Poll reveals by a margin of 2:1, workers prefer to live in a state where abortion is legal and accessible than where it is illegal and inaccessible; most workers in America also believe companies should speak out and take concrete action on social issues.
WASHINGTON, D.C.–April 10, 2023–An overwhelming majority (73%) of U.S. workers say state-level social policies are an important factor when they consider relocating to another state. This dynamic is creating opportunities and risks for companies seeking to retain and recruit workers as they navigate a range of issues on which they’re increasingly expected to respond, a new poll indicates.
A recent poll of more than 2,200 U.S. adults, conducted by Morning Consult on behalf of BSR, also indicates that nearly all (89%) who accepted a new job opportunity requiring them to move in the past year considered state-level social policies in their decision. Two-thirds of adults who declined a role also took state social policies into consideration.
“The message here is clear: employers must consider state social policies as potential risks and opportunities in their ability to attract and retain talent as they seek to maintain or expand their workforce,” said Jen Stark, co-director of BSR’s Center for Business and Social Justice. “And increasingly, companies are navigating a new reality where they are expected to help shape state policy by taking action on issues that affect the health, well-being and safety of workers and their families.”
Indeed, a significant majority (7-in-10) of employed adults in the U.S. agree that companies should respond to social issues in general, including:
- Gun violence: Two-thirds of employed adults agree that companies should respond to gun violence – and 59% of those likely to relocate in the next two years say they’d be more likely to move to a state with restrictive firearm policies which make them feel more protected.
- Abortion access: By a margin of 2:1, workers prefer to live in a state where abortion is legal and accessible than where it is illegal and inaccessible.
- Climate change: Two-thirds of employed adults say companies should respond to climate change—and 62% of those likely to relocate in the next two years say they’d be more likely to move to a state with policies to adapt and protect communities from climate impacts.
- Family and Medical Leave: Nearly 75% of employed adults say companies should respond to the lack of federal mandated paid family and medical leave–and 61% of those likely to relocate in the next two years say they’d be more likely to move to a state which has mandated such policies.
By a 4:1 margin, workers want to be a part of a business that promotes social justice internally through workplace policies and practices. And by a 5:1 margin, adults say it would make them more likely to work for a company that advances social justice through investments, donations, and advocacy.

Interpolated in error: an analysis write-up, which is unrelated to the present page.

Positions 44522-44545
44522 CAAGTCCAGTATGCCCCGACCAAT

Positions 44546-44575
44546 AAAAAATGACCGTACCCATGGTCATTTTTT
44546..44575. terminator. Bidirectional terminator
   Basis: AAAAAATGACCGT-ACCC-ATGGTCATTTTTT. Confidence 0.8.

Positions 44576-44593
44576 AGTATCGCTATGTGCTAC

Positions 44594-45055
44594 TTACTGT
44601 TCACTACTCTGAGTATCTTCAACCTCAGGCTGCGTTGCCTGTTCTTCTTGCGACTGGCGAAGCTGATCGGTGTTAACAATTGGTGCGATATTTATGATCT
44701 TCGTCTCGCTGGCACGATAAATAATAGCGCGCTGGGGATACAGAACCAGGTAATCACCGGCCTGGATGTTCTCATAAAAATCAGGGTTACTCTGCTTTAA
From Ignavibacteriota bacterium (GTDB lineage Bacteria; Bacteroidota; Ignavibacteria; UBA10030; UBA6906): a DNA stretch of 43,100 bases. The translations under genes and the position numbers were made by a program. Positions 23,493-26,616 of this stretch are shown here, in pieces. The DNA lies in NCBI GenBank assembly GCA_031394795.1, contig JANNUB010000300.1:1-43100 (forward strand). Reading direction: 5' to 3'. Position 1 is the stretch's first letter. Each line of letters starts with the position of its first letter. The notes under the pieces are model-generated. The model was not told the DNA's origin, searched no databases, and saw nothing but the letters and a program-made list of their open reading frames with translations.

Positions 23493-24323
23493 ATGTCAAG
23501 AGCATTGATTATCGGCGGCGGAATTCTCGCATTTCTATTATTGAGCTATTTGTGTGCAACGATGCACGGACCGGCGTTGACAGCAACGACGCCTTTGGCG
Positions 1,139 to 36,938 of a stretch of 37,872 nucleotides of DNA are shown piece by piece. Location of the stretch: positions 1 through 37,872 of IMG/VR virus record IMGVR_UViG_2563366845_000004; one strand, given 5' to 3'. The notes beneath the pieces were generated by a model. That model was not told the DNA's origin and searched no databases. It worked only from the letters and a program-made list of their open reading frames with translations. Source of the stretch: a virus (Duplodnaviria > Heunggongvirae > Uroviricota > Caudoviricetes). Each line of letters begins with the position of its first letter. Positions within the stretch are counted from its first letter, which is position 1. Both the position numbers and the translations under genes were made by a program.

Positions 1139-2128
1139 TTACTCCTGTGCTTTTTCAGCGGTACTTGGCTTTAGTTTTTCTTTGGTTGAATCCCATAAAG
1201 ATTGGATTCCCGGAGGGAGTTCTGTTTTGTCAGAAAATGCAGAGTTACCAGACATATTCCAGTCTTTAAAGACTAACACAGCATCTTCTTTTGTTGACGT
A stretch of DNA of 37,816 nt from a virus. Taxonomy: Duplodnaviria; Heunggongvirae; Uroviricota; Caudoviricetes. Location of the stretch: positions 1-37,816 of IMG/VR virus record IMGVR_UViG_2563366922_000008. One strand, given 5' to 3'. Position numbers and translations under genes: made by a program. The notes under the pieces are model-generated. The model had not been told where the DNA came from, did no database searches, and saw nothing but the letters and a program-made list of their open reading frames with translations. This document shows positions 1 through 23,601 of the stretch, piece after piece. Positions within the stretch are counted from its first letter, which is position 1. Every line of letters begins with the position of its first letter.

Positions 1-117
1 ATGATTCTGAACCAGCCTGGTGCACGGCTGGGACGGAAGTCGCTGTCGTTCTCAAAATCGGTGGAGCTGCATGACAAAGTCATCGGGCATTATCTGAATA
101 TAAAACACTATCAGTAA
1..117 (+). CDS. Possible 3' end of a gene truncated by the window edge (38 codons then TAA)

At least 50% of all employed adults say it would be important for their employer to respond, in a variety of ways, when moving to a state with social policies that do not reflect their personal values.
- About three-in-five employed adults say it would be important for their employer to increase paid time off (63%) and increase benefits (61%) to offset barriers and costs resulting from state-level policies, including one-third who say this would be very important. This trend is consistent across generations, ethnicity, and education.
- In addition, 53% say that if they were to move to a state with social policies that do not reflect their own personal values, it would be important for their employer to make political contributions to a candidate or campaign to change social policy that impacts the workforce, and to make donations to non-profits addressing the social policy.
Gen Zers and Millennials are nearly twice as likely as older generations to say their company’s response to social issues has an impact on their decision to stay at the organization.
“We need to debunk the narrative that these are highly divisive issues across the country,” Stark said. “Many have significant majority support from people across America, a fact that can get lost in the way these issues are typically covered in the media. Business can and should find courage to take action on these issues which are important for and aligned with the views of their workers and customers. These issues are material and how a company responds can impact their reputation.”
The poll also revealed some interesting shifts in the ways some issues resonate among different generations of the workforce in America.
Of the options tested, Gen Zers, for example, are nearly twice as likely as older generations of Gen Xers and Boomers to say laws and policies which protect LGBTIQ+ people are the most important issue they consider when thinking about a decision to move to another state. Perhaps indicating that Gen Zers see LGBTIQ+ inclusion as an indicator of the state climate, overall. In addition, 61% of Gen Zers say it’s important for their state to have social policies promoting social justice for the LGBTIQ+ community, a stance shared by 57% of Millennials, 54% of Gen Xers, and 50% of Boomers.
This poll was conducted by Morning Consult, on behalf of BSR, between February 21 - February 23, 2023, among a sample of 2,208 adults. The interviews were conducted online and the data were weighted to approximate a target sample of adults based on age, gender, race, educational attainment, region, gender by age, and race by educational attainment. Results from the full survey have a margin of error of plus or minus 2 percentage points.
Manager, Media and Public Relations, BSR